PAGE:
In no way do I think that these elements and rules are enough, on their own, to manufacture this thematic causality I've been talking about. It does require player buy-in. But the rules of these games do help in a great way when it comes to producing the patterns of meaning and expectation that I referred to.

I don't see elements in Capes that assist the players in that regard. Inspiration seems to only serve that purpose if you don't spend it. All the work of creating a chain of thematic causality falls on the players because the system isn't carrying a reasonable share of the weight.

At this point I've pretty much explained myself to the extent that I'm willing to for someone else's benefit. Do you have any other questions about my stance, Tony?

-Chris
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John Harper
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« Reply #18 on: April 18, 2005, 12:33:45 PM »

Values. Values. Values.

That's what I'm seeing. Rolled out again and again and again in these threads. The things so-and-so values, as a gamer, represented as having some intrinsic, even concrete value beyond a given social contract.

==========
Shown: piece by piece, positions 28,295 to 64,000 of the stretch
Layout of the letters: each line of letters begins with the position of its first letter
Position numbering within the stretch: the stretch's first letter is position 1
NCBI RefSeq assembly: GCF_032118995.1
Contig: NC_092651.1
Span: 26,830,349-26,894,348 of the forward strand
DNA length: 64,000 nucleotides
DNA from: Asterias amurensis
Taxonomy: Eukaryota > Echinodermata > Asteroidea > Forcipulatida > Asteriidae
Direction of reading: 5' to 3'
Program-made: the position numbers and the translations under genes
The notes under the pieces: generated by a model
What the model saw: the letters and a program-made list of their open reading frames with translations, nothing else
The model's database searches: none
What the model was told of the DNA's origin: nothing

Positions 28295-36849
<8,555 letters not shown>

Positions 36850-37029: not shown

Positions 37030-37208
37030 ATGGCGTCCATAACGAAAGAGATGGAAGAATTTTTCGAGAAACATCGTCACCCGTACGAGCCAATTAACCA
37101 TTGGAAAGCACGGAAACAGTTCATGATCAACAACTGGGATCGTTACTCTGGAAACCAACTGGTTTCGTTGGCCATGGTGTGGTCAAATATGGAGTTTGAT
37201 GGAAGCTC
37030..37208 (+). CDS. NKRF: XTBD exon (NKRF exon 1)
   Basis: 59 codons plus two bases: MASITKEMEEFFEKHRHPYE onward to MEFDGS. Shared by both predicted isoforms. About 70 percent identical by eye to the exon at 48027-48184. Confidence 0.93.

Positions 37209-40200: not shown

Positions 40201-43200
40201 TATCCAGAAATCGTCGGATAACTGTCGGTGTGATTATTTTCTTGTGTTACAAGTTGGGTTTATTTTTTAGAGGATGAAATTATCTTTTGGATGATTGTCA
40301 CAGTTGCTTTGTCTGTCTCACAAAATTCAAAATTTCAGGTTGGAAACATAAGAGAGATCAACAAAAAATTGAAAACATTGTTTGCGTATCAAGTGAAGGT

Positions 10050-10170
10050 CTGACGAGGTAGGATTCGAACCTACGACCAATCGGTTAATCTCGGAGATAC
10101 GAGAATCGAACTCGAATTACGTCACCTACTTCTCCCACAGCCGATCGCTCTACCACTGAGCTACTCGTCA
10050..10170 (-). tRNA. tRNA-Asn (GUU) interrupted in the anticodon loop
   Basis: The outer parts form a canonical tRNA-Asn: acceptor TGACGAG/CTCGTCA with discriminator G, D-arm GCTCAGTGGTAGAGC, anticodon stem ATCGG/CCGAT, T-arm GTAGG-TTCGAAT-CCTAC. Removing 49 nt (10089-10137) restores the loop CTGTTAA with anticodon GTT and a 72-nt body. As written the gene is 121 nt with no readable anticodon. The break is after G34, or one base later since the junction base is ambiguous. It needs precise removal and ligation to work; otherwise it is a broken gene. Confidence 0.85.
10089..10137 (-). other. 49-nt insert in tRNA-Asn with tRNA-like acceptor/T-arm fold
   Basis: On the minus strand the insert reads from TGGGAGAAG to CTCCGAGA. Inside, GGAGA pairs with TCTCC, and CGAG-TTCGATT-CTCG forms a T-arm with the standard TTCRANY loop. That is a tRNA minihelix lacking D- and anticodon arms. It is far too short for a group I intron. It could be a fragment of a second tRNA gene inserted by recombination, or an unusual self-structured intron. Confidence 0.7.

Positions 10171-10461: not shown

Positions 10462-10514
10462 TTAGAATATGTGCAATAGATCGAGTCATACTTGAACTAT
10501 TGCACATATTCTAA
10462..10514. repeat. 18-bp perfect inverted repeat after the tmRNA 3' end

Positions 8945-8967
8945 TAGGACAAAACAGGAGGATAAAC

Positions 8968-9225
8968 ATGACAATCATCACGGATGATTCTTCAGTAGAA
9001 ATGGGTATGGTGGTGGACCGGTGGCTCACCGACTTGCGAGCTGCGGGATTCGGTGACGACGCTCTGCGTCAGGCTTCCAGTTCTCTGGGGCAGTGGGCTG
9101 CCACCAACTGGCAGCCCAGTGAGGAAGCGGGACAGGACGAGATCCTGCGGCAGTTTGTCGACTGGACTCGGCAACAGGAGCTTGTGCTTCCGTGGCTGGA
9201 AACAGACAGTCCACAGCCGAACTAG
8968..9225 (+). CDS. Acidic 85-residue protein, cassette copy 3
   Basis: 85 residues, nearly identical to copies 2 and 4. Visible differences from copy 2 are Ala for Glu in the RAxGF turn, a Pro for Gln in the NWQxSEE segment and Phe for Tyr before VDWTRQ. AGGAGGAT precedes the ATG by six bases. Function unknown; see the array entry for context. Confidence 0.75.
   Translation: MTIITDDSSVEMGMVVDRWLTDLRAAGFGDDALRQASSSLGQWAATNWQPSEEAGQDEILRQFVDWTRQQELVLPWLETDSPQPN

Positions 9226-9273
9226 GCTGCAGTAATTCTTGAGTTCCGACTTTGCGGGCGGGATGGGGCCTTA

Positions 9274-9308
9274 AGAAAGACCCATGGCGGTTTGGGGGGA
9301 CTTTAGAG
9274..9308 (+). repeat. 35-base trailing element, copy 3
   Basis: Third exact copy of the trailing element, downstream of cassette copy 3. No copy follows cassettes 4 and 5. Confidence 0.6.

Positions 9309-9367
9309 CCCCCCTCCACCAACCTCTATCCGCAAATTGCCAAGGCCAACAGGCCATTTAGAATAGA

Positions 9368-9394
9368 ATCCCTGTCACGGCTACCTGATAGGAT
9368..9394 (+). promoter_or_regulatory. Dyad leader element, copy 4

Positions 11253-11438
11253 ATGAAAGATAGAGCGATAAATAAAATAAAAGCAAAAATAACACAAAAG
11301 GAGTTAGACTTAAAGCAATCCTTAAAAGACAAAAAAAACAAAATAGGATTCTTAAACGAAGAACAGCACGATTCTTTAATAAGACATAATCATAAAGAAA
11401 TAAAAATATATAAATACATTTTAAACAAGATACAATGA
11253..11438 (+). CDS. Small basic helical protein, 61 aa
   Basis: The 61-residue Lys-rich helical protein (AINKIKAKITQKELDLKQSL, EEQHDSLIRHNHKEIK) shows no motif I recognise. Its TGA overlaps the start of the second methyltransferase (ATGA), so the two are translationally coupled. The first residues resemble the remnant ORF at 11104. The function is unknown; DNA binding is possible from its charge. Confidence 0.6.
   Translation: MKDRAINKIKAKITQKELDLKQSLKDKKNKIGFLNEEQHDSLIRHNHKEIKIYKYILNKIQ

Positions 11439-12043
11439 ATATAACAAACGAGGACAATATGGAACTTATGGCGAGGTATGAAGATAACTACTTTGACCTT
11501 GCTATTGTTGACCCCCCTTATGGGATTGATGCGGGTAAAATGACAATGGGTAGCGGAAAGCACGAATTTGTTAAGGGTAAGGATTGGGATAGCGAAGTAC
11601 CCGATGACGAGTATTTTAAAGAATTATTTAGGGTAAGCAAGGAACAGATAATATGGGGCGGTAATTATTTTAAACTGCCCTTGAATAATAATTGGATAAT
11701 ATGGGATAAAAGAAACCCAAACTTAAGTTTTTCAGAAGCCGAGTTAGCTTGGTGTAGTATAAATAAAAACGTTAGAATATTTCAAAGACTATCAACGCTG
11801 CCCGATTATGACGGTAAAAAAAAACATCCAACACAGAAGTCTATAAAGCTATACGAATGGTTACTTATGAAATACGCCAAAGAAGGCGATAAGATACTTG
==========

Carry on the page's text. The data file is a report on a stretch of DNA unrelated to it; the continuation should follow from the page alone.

These two things are equivalent:

Quote from: Example A
"I seduce the barmaid."
"No, you don't."
"Why not?"
"Because your Charisma value is 6."
"Oh. Okay."


Quote from: Example B
"I seduce the barmaid."
"No, you don't."
"Why not?"
"Because we just had a conflict called 'Seduce the Barmaid' and Jerry won it, not you. He seduced her. You didn't."
"Oh. Okay."


The thing that is different in these examples is what is valued. In one case, it's an ability score. In another, it's the result of a recent system outcome and narration.

In NEITHER case does the system bind anyone to acceptance or rejection of the new SIS.

In BOTH cases, the value may not be accepted. And the matter must go to negotiation. In D&D, I can appeal to a pseudo-system, game text, "logic," bribes of candy, or whatever.

Quote from: Example A, revisited

"But shouldn't I get to roll for it?"
"Sure. Roll at -6 because she doesn't like elves."
"She doesn't? Why not?"
"Because she's from Kargol."
"She is? Where is that?"
"Over the mountains."
and on, and on...